18. ^ a b c Stathaki, Ellie (11 June 2010). "Central St Giles by Renzo Piano, London". Wallpaper*. Retrieved 11 August 2011.
  19. ^ a b "Legal & General and Mitsubishi launch Piano's first UK scheme". Easier Property. 26 May 2010. Retrieved 11 August 2011.
  20. ^ a b Merrick, Jay (3 June 2010). "Piano hits the wrong note: London's new Central St Giles complex is striking but bereft of joie de vivre". The Independent. Retrieved 10 August 2011.
  21. ^ Morgan, Fleur (28 May 2010). "The West End's new icon is selling fast". The Times. Retrieved 11 August 2011.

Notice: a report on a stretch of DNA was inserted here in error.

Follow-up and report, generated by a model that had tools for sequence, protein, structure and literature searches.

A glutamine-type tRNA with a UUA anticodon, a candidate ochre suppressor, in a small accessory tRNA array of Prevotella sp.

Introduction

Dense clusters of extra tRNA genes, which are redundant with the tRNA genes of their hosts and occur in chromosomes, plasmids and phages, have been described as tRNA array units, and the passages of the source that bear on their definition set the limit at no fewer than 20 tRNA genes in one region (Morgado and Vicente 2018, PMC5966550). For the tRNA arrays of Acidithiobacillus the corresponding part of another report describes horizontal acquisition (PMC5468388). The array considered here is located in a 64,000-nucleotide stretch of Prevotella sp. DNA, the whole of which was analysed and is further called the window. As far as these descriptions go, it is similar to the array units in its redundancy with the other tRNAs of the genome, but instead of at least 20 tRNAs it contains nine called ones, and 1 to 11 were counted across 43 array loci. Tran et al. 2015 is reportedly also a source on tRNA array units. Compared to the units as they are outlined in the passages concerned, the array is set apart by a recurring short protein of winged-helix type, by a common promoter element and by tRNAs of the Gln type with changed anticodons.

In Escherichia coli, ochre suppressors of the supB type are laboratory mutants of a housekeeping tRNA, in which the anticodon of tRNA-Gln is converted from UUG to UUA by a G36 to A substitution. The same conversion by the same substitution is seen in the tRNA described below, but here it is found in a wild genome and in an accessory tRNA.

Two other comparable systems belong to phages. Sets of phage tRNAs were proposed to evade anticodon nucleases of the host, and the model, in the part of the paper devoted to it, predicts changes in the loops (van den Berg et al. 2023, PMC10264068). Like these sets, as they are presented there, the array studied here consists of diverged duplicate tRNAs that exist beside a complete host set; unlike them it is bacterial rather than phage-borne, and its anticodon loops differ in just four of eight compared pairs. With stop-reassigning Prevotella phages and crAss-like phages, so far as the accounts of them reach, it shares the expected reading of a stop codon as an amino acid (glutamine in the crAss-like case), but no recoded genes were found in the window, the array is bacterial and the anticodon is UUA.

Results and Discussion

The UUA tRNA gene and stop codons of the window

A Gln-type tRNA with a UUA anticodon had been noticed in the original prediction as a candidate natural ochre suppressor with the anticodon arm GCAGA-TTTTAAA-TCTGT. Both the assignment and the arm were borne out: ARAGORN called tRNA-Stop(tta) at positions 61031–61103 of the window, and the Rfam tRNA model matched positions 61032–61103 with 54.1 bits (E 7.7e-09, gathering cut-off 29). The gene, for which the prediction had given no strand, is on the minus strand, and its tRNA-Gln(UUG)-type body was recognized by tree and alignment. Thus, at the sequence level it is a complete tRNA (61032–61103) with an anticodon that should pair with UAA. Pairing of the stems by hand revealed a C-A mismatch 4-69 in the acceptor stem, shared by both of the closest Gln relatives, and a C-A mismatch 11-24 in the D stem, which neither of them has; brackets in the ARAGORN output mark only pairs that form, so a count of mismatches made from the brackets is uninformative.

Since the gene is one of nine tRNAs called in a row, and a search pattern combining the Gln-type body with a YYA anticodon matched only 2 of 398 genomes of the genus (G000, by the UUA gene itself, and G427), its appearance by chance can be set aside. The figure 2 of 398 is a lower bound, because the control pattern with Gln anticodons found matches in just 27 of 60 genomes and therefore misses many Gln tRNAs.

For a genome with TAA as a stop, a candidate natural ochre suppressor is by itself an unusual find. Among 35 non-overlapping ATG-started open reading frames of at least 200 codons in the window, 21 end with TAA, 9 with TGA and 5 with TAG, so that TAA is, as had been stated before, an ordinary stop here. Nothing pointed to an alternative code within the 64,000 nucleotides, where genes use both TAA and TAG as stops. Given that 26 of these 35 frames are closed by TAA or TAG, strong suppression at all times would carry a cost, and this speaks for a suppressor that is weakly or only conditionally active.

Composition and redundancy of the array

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  25. ^ Heer, Ruth (20 May 2011). "Google to move into new West End building". SNL Kagan Media & Communications Report.
  26. ^ Sidor, Neven (2 April 2010). "Renzo Piano: Central St. Giles, London". Architecture Today. Archived from the original on 30 September 2011. Retrieved 11 August 2011.
  27. ^ "London Planning Awards shortlist revealed". Architects Journal. 2 November 2010.